For many, off-roading conjures images of giant engines roaring as they push lifted trucks through muddy ground. Things are a little different, however; environmental protection has decreased the number of areas off-highway recreational vehicles can roll in the name of conservation.
Off-roading groups like the California 4-Wheel Drive Association take precautions not to disrupt natural ecosystems, said Del Albright, environmental affairs specialist and BlueRibbon Coalition ambassador. Most of the damage is done by ignorant, inexperienced riders.
“I spend all my time educating off-roaders on the right way to enjoy the outdoors with a motor,” said Albright, who has a bachelor’s degree in forestry and a master’s in environmental planning. “And if they don’t come around to education, we’re not afraid to call the cops.”
Gone are the days when drivers rode ATVs through empty hillsides at will. State vehicular recreation areas designate select places where people like Randy Burleson, 47, can “play” with their vehicles.
Never miss a local story.
“There’s been such a diminishment of recreational opportunities in last 20 or 30 years that most people are very protective of places you can go out and 4-wheel,” he said. “(Now) most people are very mindful about being right on the resource, but doing it in a sustainable fashion.”
Traditionally, most off-road vehicles are out in winter or summer, Burleson said. Driving in snow provides an extra cushion between wheels and terrain, and rainless summers mean vehicles are less likely to displace sediment around mountainsides, though the current drought has made trails usable throughout most of the year.
Western off-roading is more familial and nature-based than the mud races that take place in Alabama and Tennessee, said Kurt Schneider, CRAWL magazine land use editor who is a teacher at Heritage High School in Brentwood.
Schneider’s father was a concessions worker in Yosemite Valley when he was growing up. When tourists flocked to Tuolomne Meadows, the family would pack up their camping gear and head into unoccupied areas of the park.
“A big part of off-roading isn’t about wheeling; it’s about getting away in the mountains,” Schneider said. “I can take you out to lakes clearer than Lake Tahoe where you can see every star in the sky.”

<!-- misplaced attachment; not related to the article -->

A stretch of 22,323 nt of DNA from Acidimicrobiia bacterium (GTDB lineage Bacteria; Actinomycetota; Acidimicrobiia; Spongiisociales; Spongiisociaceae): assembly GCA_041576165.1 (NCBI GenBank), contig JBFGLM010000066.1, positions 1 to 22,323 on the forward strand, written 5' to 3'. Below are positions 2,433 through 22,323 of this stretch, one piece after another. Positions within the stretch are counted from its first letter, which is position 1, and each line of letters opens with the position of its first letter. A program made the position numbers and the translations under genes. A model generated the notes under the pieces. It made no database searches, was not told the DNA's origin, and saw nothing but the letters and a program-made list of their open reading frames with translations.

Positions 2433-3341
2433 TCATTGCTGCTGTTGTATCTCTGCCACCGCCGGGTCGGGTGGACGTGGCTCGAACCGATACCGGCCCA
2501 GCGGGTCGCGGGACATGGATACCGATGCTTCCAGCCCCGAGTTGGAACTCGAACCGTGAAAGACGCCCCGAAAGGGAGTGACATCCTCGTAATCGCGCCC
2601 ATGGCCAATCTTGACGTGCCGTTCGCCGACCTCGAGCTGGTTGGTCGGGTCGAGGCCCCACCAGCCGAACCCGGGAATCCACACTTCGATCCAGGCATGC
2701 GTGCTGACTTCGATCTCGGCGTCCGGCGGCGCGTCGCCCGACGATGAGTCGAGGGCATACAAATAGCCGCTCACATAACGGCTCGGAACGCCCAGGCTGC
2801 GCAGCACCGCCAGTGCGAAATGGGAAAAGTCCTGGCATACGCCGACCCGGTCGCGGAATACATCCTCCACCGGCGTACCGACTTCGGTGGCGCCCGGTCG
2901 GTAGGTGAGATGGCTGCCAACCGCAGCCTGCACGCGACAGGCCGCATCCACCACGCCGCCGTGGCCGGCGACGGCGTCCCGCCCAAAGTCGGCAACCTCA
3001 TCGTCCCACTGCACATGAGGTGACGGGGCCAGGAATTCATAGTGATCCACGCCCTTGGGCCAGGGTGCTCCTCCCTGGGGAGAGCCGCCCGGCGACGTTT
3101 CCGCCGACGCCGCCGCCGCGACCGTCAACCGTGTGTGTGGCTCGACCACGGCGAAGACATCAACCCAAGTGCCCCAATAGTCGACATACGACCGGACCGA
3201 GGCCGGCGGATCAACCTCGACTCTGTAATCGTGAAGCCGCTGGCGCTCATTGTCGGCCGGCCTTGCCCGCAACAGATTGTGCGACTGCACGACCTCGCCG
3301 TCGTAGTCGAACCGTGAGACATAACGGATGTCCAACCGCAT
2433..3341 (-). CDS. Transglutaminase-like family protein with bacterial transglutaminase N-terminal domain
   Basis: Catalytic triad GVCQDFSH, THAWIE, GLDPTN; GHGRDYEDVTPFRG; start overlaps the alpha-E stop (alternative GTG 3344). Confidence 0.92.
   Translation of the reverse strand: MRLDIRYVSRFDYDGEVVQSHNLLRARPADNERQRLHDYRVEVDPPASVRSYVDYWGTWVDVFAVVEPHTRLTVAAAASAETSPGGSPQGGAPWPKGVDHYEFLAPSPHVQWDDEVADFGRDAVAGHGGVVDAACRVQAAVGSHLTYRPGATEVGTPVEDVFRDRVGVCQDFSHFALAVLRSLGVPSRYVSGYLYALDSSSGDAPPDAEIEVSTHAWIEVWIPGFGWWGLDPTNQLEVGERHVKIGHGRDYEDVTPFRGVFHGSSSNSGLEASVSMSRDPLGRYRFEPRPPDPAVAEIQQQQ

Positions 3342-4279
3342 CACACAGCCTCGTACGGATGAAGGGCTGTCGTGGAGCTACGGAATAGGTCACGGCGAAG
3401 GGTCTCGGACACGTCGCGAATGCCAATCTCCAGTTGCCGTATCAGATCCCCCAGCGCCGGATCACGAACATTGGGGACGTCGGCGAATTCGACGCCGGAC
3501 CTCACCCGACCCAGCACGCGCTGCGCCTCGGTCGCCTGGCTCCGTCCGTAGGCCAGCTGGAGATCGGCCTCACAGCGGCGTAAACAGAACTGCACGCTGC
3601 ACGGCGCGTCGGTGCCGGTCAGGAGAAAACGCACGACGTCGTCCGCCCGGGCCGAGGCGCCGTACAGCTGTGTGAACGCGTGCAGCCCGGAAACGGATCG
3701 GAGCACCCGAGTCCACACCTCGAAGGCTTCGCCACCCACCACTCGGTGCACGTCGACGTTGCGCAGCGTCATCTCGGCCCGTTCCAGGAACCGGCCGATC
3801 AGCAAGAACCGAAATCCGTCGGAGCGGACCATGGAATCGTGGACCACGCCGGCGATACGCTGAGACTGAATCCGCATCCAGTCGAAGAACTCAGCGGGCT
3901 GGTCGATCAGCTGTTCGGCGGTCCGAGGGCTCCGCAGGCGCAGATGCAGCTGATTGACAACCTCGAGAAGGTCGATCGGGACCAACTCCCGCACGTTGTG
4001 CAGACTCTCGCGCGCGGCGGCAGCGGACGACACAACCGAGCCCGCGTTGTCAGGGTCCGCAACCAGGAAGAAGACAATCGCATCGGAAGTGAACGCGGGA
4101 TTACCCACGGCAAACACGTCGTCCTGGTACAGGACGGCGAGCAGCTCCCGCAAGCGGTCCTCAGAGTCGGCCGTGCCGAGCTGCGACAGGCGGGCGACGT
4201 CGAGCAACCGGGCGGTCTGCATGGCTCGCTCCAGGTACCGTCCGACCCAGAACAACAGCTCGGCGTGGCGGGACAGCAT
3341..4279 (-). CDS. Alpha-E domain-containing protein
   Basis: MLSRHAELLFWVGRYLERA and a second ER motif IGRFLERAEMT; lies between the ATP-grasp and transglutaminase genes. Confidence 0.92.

Schneider’s family has been camping at a certain spot within the Eldorado National Forest for the last 20 years but stopped recently after park rangers gated the area. With three young boys and a father-in-law who suffers from diabetes, getting to the campsite by foot became a chore.
“Deserts are fun as well, but something about mountain lakes just really does it for me,” Burleson said. “I enjoy a technical challenge, something that will challenge me and the vehicle. Sometimes it’s size of the rock, sometimes it’s the rock’s placement, sometimes it’s the narrowness of the trail.
“But I’ve never made the trip, gotten there and said ‘Gee, I wish I was at home.’”
Here are five Northern California off-road destinations worth taking on:
Distance from Sacramento: 130 miles
Defining characteristics: A mix of large boulders and granite sheets. The most difficult obstacle is arguably Cadillac Hill, which has a sharp incline and many pointed rocks jutting out into the path.
Quote: “Northern California is where recreational off-roading really started after World War II, and the Rubicon Trail is our crown jewel.”
Kurt Schneider, CRAWL magazine land use editor
Distance from Sacramento: 25 miles
Difficulty: 3/10 to 7/10 (depending on area and vehicle)
Defining characteristics: Open grasslands surrounded by oak trees. Designed primarily for motorbikes, though 4-wheel enthusiasts can roll over an obstacle course that includes a rock field, pyramidlike structure and mud pit.
Quote: “Prairie City is an incredible place to go play, test your vehicle and have fun. You’ve got everything from go-karts to kids on little bikes learning to ride. It’s down by Folsom, so close enough to go out and try any vehicle you want, mild or wild.”
Del Albright, BlueRibbon Coalition ambassador
Foresthill OHV Area
Distance from Sacramento: 50 miles
Defining characteristics: Curved dirt roads meant for motorbikes or ATVs less than 50 inches in width to go “adventure riding.” Trail system is nearly 100 miles in total.
Quote: “(It) offers a wide variety of trail challenges. There are trails for beginners, trails for intermediate and expert riders. (It’s) at about 4,000, 5,000 feet and it’s a pretty cool forested type of experience.”
Don Amador, Quiet Warrior Racing owner
Distance from Sacramento: 85 miles
Defining characteristics: Tight turns over large boulders can easily flip drivers going too fast. Considered the toughest trail in the Sierra Nevada, Fordyce has multiple deep water crossings. Creek’s flow rate is controlled by Pacific Gas and Electric Co., which operates Fordyce Dam above the trail.
Quote: “It presents about five serious obstacles called winch hills. You get a couple of tries at ’em, and if you don’t get (your vehicle) up by then you get winched up to save time and let other people go through.”
Slick Rock Trail
Distance from Sacramento: 130 miles
Defining characteristics: Granite rocks, old-growth forests and spectacular views line the trail, which has a creek running parallel. The trail earns its name from a steep granite face 4x4s can roll down, and is not to be confused with Slickrock Trail, a popular mountain biking route near Moab, Utah.
Quote: “It encompasses so much of the Sierra Nevada ecosystem. If you’re a mountain-loving person, Slick Rock Trail has it all. ... You just want to sit there and have lunch and enjoy the scenery.”